That the current state of electricity supply in the country is a major killjoy for businesses is not, in anyway, an overstatement. Year on year, after a struggle to sustain operation; some businesses crash out completely or move to less hostile economy countries like Ghana, Kenya, Rwanda or the notorious xenophobic South Africa.
A recent report from the National Association of Chambers of Commerce, Industry, Mining and NACCIMA featured on major National dailies revealed that nearly 800 businesses closed operations between 2009 to 2013 on account of unfriendly operating environment. In some cases, these businesses find solace in another country, naturally leading to a fall in GDP in Nigeria.
Aside lack of finance which often could be caused by a number of reasons, inadequate power supply has proven to be another humongous factor serving as a bane inhibiting businesses to thrive. Since power consumption is central to life and business is one entity that solves the livelihood puzzle, it is only true that more than 90% of businesses needs electricity, directly or indirectly, to operate.
Where are we?
If, as according to global standard, for every 1, 000, 000 people an average estimated 1,000MW of power should be expended; it then means Nigeria with about 200 million human counts needs nothing less than 200, 000 megawatts of power to averagely service its energy consumption demands.
The question: where are we, then, exposes how underserved Africa’s most populous country, Nigeria, is, and/or why the country is largely running on fuel generators, at the expense of owners, where businesses have the greatest hit.
Like water like power
The failed/failing power case is quite similar to government’s letdown in the water provision context where citizens have now become independent water providers. How unfortunate this has become is that people are ignorant of the fact that water supply is a component of the government and not a home-to-home project.
Putting reality into right perspective, if Nigeria needs power supply worth of 200, 000 megawatts to level up, the current power generation which is less than 10, 000 megawatts can only be considered as mockery in the face of economic advancement and development fantasies. What thrives in such space, one might be forced to ask?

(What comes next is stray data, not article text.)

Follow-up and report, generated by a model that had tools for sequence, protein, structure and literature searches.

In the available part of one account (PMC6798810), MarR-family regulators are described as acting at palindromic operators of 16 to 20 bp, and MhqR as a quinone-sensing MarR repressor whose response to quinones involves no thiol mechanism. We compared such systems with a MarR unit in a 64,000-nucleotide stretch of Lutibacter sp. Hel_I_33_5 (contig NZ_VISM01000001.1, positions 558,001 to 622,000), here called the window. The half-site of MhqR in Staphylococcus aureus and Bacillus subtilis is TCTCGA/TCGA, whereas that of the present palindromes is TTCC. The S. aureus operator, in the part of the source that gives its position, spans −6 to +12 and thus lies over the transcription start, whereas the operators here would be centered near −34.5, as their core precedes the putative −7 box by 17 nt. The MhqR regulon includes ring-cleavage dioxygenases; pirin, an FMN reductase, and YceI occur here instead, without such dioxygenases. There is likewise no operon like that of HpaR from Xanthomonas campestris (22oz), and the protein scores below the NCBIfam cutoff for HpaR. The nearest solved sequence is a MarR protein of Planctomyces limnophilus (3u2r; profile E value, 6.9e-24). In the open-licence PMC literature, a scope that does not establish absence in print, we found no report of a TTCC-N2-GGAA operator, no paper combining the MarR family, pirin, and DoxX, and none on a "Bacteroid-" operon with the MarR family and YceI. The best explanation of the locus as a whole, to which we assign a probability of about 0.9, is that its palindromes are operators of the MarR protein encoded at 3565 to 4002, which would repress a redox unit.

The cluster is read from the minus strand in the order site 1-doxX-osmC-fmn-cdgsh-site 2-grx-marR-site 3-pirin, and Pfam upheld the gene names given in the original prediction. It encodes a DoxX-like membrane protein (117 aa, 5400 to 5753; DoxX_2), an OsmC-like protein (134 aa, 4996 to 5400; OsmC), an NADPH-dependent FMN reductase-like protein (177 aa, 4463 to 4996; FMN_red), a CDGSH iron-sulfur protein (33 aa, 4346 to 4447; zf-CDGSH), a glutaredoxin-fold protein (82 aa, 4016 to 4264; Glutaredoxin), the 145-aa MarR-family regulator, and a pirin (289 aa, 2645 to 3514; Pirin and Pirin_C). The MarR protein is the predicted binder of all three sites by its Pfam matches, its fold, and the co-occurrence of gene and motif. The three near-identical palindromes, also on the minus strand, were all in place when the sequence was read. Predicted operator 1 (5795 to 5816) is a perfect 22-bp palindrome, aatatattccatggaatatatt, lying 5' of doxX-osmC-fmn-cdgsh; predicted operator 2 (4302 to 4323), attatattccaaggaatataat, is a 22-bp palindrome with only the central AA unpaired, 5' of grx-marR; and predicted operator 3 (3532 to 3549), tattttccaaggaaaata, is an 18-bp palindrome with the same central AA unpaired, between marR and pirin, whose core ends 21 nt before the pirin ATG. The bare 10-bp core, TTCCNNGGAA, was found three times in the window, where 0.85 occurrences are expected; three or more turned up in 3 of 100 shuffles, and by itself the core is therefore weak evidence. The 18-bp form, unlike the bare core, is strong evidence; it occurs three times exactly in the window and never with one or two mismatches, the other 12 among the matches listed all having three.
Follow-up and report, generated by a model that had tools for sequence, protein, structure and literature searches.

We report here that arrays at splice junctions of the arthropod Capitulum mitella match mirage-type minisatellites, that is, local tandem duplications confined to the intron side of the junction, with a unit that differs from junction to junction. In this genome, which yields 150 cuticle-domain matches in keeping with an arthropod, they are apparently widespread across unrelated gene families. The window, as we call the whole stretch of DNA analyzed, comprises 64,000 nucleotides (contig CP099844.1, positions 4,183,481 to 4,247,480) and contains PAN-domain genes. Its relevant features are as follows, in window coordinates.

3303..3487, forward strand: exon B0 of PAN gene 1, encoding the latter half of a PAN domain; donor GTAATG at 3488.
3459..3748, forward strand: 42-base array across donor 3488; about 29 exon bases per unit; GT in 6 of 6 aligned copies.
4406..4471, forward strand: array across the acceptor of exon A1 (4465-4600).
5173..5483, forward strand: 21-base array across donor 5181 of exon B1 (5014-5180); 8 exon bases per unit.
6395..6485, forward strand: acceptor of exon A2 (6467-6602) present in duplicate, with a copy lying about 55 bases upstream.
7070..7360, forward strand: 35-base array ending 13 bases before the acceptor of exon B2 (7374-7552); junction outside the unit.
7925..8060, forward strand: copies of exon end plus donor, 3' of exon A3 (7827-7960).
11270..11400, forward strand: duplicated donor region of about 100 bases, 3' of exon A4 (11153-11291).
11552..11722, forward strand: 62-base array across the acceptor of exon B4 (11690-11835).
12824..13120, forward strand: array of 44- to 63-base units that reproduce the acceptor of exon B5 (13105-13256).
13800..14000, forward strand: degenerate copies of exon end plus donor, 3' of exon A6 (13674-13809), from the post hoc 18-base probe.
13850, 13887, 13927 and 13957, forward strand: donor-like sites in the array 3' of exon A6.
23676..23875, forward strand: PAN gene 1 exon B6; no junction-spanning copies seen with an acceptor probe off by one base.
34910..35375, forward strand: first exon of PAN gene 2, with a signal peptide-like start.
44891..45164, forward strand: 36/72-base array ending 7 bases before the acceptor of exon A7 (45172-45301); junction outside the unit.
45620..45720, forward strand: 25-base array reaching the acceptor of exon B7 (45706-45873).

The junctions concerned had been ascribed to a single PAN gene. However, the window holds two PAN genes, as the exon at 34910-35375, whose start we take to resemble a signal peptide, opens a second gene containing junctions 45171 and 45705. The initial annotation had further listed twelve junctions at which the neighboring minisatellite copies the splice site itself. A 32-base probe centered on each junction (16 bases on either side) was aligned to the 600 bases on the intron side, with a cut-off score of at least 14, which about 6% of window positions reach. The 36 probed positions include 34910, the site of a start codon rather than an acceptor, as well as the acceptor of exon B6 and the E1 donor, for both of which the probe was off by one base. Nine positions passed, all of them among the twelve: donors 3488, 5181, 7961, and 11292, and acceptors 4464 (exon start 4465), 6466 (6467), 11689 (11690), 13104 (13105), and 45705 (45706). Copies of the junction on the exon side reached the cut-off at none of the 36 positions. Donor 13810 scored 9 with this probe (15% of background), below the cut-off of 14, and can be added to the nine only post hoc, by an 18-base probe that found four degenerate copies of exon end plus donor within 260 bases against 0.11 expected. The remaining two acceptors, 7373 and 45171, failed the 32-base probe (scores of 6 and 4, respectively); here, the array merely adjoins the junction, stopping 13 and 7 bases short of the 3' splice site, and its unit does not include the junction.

The figures are humbling
Daily Trust on Tuesday, 3rd of Sept., 2019 reported that the nation has added a generation capacity of 4,025 megawatts (MW) through the construction and operation of eight power plants on the national grid. That data obtained from the Federal Ministry of Power indicated that generation capacity was over 7,500MW, transmission was at 8,100MW and distribution at over 5,500MW.
If 5,500MW is all we can be proud of at this stage, there is a whole lot on the deficit side to be met. How long will this take us? How better can we tackle this? Do we continue with the generators to the disadvantage of citizens’ health and the heavy depletion of the ozone layer? How these things contribute to devour us, shorten lives span and crack up the earth is for another discuss.
Identifying where we missed it is important. Rolling our sleeves to get to work is needed. The ministry should begin to look outside hydro power generation; perhaps, it’s time to harness our gas like China, the US, Germany and a host of other countries.
It’s even worrisome to see that all that Nigeria does with its gas is flaring it. In gas, alone, Germany is generating 40, 000MW, approximately 800% of what Nigeria is currently generating. International policy commentator Rotimi Sankore made an observation recently on how Qatar; a country with about 2 million population counts which, comparatively, is the size of a local government in Lagos state; effortlessly generates 10, 000MW of electricity.
A matter of priority
As basic as possible, solving the power challenge will drastically reduce our overt fuel dependency. The reality at the moment is that fuel used in running businesses competes with demands citizens need for transportation. The pressure mounts and we experience scarcity. The pressure mounts and we have hike in prices. The pressure mounts and we suffer national loss amongst other consequences.
Recently, the Federal Ministry of Power, Works and Housing reported that the total quantum of electricity generated on the Nigeria’s power grid fell by 1,507.3 megawatts, dropping from a peak of 4,845.4MW to 3,338.1MW. Just on Tuesday, it was revealed that the Nigeria’s power sector lost about N9,793,000,000 (between August 26 to August 30, 2019) due to constraints from insufficient gas supply, distribution and transmission infrastructures.
The problem we must fix
While everyone is talking about diversifying the economy, we must enter into talks on how to diversify our power generating sources. China, today, tops the list of countries with the highest electricity production. China did not achieve this on a monogamist power source.
The country has explored a wide range of sources and they can rest on their success. It’s interesting to see Nigeria at an advantage as most of these unexplored sources are readily abundant –and only untapped. Some of these sources include:
- Biomass and waste
Nigeria’s erratic power supply can be a thing of the past if power is well budgeted for, and closely monitored to see projects around it delivered without misappropriation of its fund. There are no two ways to it. Power use is central. We either help businesses thrive by saving them undue cost, or kill them naturally and leave the nation to remain the world’s poverty capital.
We must bear in mind: 200 million people require 200, 000MW to meet demands. What we have is about 5,000MW. And, the deficit is 195, 000MW. Finally, the nation does not only need power supply, it needs a clean one and renewable energy is the surest bet.
By Ridwan Adelaja…
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